No player from the British Isles has spent as long as Gerry Hitchens did on the peninsula, his career stretching eight years from 1961 to 1969 when he donned the jerseys of Inter, Torino, Atalanta and Cagliari. However, while other stars of the 1960s – such as Jimmy Greaves and Denis Law – became household names, the Staffordshire-born forward’s legacy has slipped through the net.
Before switching to Serie A, Hitchens had represented Kidderminster Harriers, Cardiff City and Aston Villa, but it was once he transferred to Inter that his story really came to life as he mixed with the greats of the Italian game – players like Gigi Riva, Luis Suarez, Giancarlo Cella and Mario Corso.
Ironically, it was appearing for England against the Azzurri in a friendly in May 1961, that the then Aston Villa man bagged himself a brace as the Three Lions ran out 3-2 winners – Greaves added the third. It is a widely-held view that his performance in that game alerted the Nerazzurri, but there is more to the story.
While that match changed the course of his career – and his life – it also cut him off from his homeland. He effectively finished his top-level career in England when he left Villa, and after that he was virtually forgotten on these shores. It wouldn’t be the same now as the TV coverage means British players are still in the spotlight even when they are overseas.
It is a real sign of how football has changed in the 50 years since Hitchens traded the Midlands for Milan in an £85,000 switch. Nowadays a transfer to a European giant would guarantee an international career. In the 1960s it extinguished one. Despite having netted five goals in seven appearances Hitchens was quickly forgotten after leaving for Italy. That meant he missed England’s 1966 World Cup victory – effectively penalised for moving abroad.
Nevertheless, England’s loss was Italy’s gain and Hitchens became a superstar in his adopted home. “In Italy he is fondly remembered, he and his wife were the ‘Posh and Becks’ of their day,” biographer Simon Goodyear confirms. “He was the first Englishman to make his name in the country and the Press followed him everywhere he went. His blond hair and light skin made him stand out and he became a very popular figure. For fans of a certain age, people in the 60-70 age bracket, he is well remembered. His name is near the top of the list of the British exports, probably higher than Law. Maybe only John Charles stands above him.”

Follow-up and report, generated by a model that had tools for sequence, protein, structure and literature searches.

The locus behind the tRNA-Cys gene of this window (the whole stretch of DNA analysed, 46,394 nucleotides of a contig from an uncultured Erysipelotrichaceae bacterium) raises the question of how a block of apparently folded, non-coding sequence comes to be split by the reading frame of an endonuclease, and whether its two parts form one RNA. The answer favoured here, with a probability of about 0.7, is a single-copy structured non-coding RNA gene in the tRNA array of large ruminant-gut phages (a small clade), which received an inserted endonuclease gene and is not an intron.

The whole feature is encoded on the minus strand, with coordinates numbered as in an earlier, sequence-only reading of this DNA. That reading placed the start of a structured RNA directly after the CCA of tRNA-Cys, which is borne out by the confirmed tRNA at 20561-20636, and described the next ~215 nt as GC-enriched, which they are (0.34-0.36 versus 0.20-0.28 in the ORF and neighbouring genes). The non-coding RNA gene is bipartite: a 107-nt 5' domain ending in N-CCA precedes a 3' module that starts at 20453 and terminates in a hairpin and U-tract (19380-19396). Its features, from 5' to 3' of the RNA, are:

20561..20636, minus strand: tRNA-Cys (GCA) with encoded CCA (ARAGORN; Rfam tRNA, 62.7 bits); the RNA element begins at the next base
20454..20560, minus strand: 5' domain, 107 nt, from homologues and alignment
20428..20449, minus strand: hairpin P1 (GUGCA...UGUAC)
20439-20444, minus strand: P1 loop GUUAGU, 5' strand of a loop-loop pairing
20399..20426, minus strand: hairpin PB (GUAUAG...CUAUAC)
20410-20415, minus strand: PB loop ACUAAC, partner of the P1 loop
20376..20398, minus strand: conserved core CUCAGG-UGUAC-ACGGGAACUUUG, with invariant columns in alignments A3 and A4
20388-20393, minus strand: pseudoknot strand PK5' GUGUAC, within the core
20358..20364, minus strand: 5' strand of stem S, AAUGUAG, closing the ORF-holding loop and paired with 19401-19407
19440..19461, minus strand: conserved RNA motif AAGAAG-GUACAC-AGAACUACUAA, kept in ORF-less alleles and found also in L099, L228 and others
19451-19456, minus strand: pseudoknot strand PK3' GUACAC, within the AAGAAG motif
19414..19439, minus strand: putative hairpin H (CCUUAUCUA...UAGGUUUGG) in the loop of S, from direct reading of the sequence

During that era his one-time England teammate Greaves was also attempting to adapt to life in Milan, only across the San Siro in the red and black shirt of the Rossoneri. “Jimmy told me about the times that he used to go out drinking with Gerry. Greaves was fed up with the way things were going for him at Milan and would meet up with Gerry in secret at the city’s train station for a few drinks,” joked Goodyear. “They used to do that on several occasions but never got caught out.”
Another fond tale recalls his sartorial habits on England duty. “Gerry liked his clothes and in 1962, when England went out to Chile for the World Cup, he packed 19 designer Italian suits but the conditions out there meant that he never got the chance to wear any of them.” That trip was to be Gerry’s last with England, despite building a fine reputation in Italy he never received another cap after his turn against Brazil in the World Cup quarter-final.
In 1969, after two seasons in Sardinia with Cagliari, Hitchens moved back to England, joining Worcester City. It would be the second time he would help build the groundwork of a Scudetto-winning side only to depart before the crown was won. He left Inter for Torino early in the 1962-63 season – the first term that Helenio Herrera’s Nerazzurri conquered Italy – and his exit from the Sant’Elia came the campaign before his friend Riva inspired Cagliari’s shock championship.
Back in the UK, Hitchens wound down his career at Worcester before a final spell with Welsh outfit Merthyr Tydfil. He retired in the early 1970s but tragically died in 1983, aged just 48 years, from a heart attack while playing in a charity football match. Now, 30 years on from his untimely death, Hitchens’ family and friends are meeting up to revive his name and bring his story to a new generation – the story of a coalminer turned goal king who died at a tragically young age.
GERRY HITCHENS MEMORIAL DAY takes place on Sunday, April 14 at Highley which is between Bridgenorth and Kidderminster. It kicks off at 9.30am on the Severn Centre recreation ground with junior then seniors’ matches. The main game between an Aston Villa All Stars and Highley Veterans starts at 1.30. There will be sideshows, bars and cafes and an appearance from the Highley Colliery Brass Band. A photo exhibition will display previously unseen pictures of the player before the Gerry Hitchens' Lounge is opened at Highley Workingmen’s Club.
|DOB||October 8 1934|
|Died||April 13 1983|
|1952-1953||Highley Miners Welfare||-||-|
|1967||Chicago Mustangs (loan)||8||1|
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